Thursday, March 29, 2007

A positive report about the Archbishop of Canterbury

In a recent post I reported on a number of people syaing very uncharitable things about the current Archbishop of Canterbury and said I would write something positive as soon as someone was willing to put forward a positive opinion.

Well I'm not sure this counts but it's kind of positive and there's a good report of it on the Ekklesia website titled Archbishop of Canterbury says churches must be 'safe' for gays.

There is also further discussion on the Thinking Anglicans (is there any other kind?) website.

Some of the quotes are quite interesting as he appears to say that apart from churches being safe places for "gay and lesbian people" he also appears to both criticise certain Provinces who are actively in support of oppressive measures, notably in Nigeria, although he underlines the presence of hate crimes even in Western countries.

His support for the "proper liberties [freedom of association, assembly and expression perhaps?] of homosexual people" is clearly very important. You can see his statement here.

Here's a chunk of the statement (I underlined some bits):

“ The commitments of the Communion are not only to certain theological positions on the question of sexual ethics but also to a manifest and credible respect for the proper liberties of homosexual people, a commitment again set out in successive Lambeth Conference Resolutions over many decades. I share the concerns expressed about situations where the Church is seen to be underwriting social or legal attitudes which threaten these proper liberties. It is impossible to read this report without being aware that in many places – including Western countries with supposedly ‘liberal’ attitudes – hate crimes against homosexual people have increased in recent years and have taken horrifying and disturbing forms."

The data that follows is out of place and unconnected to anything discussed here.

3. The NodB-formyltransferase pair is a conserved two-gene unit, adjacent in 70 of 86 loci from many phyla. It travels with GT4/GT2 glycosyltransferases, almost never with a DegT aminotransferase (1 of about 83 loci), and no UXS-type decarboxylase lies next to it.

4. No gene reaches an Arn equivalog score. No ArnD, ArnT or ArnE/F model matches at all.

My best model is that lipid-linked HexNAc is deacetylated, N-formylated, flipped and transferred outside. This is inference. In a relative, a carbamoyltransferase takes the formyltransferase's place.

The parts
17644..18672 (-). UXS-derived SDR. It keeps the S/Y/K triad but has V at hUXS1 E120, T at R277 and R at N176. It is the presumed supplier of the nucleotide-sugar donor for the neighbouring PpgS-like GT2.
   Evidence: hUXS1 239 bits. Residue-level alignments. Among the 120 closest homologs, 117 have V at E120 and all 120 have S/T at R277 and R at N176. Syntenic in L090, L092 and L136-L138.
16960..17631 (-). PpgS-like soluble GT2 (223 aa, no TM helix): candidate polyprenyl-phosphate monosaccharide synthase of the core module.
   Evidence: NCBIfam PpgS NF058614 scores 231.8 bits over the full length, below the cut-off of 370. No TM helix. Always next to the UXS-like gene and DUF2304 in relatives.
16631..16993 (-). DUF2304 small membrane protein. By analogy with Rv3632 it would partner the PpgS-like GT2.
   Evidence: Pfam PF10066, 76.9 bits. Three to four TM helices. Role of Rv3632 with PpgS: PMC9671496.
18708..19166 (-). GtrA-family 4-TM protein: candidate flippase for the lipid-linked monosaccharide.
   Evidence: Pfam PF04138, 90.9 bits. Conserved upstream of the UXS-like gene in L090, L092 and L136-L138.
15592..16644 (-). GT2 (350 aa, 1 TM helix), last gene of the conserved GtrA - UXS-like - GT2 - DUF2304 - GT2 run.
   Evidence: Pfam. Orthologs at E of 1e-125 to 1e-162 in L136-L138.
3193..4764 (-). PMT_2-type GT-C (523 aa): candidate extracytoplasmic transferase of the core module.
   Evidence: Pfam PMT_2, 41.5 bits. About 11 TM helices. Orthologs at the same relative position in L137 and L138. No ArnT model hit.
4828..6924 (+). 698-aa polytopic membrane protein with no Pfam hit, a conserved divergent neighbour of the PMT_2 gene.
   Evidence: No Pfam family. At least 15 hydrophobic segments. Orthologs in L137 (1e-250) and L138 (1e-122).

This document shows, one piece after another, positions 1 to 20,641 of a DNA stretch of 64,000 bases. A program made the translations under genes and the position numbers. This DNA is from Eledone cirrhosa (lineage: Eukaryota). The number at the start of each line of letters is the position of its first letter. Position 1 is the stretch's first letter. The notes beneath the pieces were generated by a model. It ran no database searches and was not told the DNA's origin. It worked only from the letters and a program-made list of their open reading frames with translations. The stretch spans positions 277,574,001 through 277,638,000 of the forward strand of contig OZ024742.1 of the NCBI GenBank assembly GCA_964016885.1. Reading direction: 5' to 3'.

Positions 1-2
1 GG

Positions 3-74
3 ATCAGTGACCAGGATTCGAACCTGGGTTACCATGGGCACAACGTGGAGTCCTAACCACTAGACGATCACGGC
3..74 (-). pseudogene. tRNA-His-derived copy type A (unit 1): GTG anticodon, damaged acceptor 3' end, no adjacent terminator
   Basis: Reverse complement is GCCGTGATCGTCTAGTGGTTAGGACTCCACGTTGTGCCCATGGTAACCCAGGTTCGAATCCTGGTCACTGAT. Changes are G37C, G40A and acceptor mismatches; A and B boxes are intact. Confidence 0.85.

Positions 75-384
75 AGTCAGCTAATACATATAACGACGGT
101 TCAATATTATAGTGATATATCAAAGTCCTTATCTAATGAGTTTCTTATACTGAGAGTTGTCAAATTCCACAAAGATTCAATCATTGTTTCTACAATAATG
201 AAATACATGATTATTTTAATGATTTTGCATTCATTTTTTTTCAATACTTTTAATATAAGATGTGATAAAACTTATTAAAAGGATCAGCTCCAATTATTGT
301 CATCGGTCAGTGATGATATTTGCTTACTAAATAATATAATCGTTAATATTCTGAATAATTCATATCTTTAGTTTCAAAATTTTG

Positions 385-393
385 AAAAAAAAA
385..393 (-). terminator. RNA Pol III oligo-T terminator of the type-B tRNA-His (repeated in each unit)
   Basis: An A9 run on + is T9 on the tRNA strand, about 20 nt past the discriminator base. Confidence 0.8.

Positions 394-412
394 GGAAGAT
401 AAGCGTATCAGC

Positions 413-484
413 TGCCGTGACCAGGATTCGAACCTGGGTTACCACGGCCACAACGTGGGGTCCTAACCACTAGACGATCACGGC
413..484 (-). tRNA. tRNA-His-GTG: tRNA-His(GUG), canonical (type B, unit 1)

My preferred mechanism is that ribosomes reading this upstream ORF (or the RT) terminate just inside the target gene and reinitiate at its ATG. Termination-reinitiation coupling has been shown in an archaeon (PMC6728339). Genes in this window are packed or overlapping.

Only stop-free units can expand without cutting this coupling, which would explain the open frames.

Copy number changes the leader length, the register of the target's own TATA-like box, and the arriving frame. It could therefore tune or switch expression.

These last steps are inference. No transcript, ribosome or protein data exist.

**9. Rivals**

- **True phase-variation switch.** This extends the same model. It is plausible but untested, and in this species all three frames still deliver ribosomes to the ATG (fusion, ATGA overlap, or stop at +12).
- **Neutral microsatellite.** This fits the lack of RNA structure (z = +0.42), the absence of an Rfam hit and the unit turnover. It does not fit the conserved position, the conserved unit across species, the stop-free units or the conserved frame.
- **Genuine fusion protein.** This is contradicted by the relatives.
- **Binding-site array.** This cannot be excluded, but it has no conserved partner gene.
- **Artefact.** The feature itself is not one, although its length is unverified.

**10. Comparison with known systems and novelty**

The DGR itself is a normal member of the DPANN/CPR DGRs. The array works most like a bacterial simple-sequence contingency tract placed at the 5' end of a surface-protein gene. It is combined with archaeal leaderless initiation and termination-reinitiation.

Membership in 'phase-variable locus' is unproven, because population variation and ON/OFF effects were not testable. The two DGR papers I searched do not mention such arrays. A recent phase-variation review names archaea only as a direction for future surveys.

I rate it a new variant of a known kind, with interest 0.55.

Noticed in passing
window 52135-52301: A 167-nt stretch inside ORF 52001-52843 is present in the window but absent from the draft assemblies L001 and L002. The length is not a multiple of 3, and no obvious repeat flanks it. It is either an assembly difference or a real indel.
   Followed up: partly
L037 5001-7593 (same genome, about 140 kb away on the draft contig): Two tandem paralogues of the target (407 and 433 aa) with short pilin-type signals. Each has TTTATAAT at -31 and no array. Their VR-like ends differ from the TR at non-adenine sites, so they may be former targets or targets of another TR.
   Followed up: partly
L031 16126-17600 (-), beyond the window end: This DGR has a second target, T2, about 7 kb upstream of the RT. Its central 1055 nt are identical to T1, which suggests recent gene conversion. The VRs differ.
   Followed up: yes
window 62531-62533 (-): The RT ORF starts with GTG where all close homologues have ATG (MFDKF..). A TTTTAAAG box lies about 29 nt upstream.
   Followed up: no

Just timed right for the release of the Yogyakarta principles - let's hope he's willing to sign up.

And while on the subject of the Yogyakarta principles I was pleased to see this article on the Comment is free (Guardian) site - Righting wrongs with some interesting discussion of how in previous UN debates countries who do not exactly have a shining record of human rights managed to block and vote down the Brazilian resolution on sexual orientation.

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